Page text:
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Did you know: Pangolins Are The Most Trafficked Mammals In The World 🎥

Updated: Oct 23, 2020

So, what is a pangolin? Often thought to be reptiles, pangolins are actually mammals and the only mammal that is fully covered in scales. Those scales are needed to protect themselves from predators in the wild. If under threat, a pangolin will immediately curl into a tight ball and will use their sharp-scaled tails to defend themselves. They can also release a stinky fluid from a gland at the base of their tails as a defense mechanism.

An adult Philippine Pangolin and her pup photographed in the forests of Palawan by Gregg Yan - Wikimedia Commons

Pangolins are solitary and active mostly at night. The only time they spend time together is when they mate and bear young. Their babies are born with soft scales that harden after two days, but they will ride on their mother’s tail until they are weaned at about three months.

The majority live on the ground, but for example the black-bellied pangolin also climbs trees, and the pangolin sizes range from a large housecat to more than 1.20 metre (4 feet) long. They are largely covered in scales made of keratin - the same material as human fingernails - which results in the nickname "scaly anteater."

Similar to anteaters, pangolins have long snouts and even longer tongues, which they use to lap up ants and termites they excavate from mounds with their powerful front claws. They’re able to close their noses and ears to keep ants out when they’re eating. Though they look and act a lot like anteaters and armadillos, pangolins are more closely related to bears, cats, and dogs. (For more information:

Sadly, this shy and harmless pangolin has an enemy it cannot withstand - humans! Meanwhile increasingly well known for one reason: it is believed to be the world’s most trafficked non-human mammal. Tens of thousands of pangolins are poached every year, killed for their scales for use in traditional Chinese medicine and for their meat, a delicacy among some “ultra-wealthy” people in China and Vietnam.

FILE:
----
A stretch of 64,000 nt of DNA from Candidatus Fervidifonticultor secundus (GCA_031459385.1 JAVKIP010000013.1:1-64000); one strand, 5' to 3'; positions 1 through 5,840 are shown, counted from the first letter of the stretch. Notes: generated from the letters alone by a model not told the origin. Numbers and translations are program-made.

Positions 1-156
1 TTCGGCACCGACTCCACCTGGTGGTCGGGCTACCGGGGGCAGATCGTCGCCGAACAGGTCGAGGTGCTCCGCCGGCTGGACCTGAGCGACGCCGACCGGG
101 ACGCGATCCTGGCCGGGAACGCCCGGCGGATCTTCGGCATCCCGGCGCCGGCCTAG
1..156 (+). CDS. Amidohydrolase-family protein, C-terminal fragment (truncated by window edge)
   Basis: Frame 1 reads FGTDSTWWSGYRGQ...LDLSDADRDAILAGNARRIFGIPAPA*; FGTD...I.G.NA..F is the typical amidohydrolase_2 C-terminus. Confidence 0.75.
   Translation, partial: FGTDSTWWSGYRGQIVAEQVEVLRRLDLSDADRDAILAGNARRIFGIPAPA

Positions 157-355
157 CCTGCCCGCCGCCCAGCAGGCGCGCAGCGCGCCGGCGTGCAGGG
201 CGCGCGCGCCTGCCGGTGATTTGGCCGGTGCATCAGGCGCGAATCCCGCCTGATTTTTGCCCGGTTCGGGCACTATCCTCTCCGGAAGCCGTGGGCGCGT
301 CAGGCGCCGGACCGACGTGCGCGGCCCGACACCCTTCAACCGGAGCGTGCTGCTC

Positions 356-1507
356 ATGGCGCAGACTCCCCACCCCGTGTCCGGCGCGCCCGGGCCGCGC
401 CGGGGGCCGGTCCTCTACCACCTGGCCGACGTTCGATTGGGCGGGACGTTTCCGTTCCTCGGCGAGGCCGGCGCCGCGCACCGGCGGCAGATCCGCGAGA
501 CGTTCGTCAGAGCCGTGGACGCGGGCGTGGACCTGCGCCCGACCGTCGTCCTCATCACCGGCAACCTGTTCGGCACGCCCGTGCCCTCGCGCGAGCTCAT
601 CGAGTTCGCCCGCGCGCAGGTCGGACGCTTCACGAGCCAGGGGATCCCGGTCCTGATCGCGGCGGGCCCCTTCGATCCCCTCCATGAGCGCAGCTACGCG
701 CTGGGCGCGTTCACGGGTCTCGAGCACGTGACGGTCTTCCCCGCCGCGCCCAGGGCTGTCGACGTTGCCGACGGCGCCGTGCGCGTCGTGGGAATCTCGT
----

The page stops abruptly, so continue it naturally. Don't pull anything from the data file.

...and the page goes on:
There are eight species of pangolins. Four are found in Asia, the indian-, philippine-, sunda- and the chinese pangolin; they are listed by the IUCN (International Union for Conservation of Nature) as critically endangered. The four African species, the ground pangolin, giant, white-bellied, and black-bellied are listed as vulnerable.

All species face declining populations because of illegal trade. In 2016, the 186 countries party to the Convention on International Trade in Endangered Species (CITES), the treaty that regulates the international wildlife trade, voted to ban the commercial trade in pangolins.

As many as 36,000 pangolins killed to produce single shipment of scales, conservationists say

Right photo: Smuggled pangolin meat seized at Miami International airport, 2017 - Photo flickr credit USFWS (U.S. Fish and Wildlife Service)

Unfortunately the illegal trade is still booming. Although pangolin scales, like rhino horn, have no proven medicinal value, yet they are used in traditional Chinese medicine to help with ailments ranging from lactation difficulties to arthritis. The scales typically dried and ground up into powder, which may be turned into a pill.

For many years, the Asian species were the primary target of poachers and traffickers. But now that their numbers have been depleted, smugglers are increasingly turning to African pangolins. In two record-breaking seizures in the space of a week in April 2019, Singapore seized a 14.2-ton shipment and a 14-ton shipment of pangolin scales - from an estimated 72,000 pangolins - coming from Nigeria.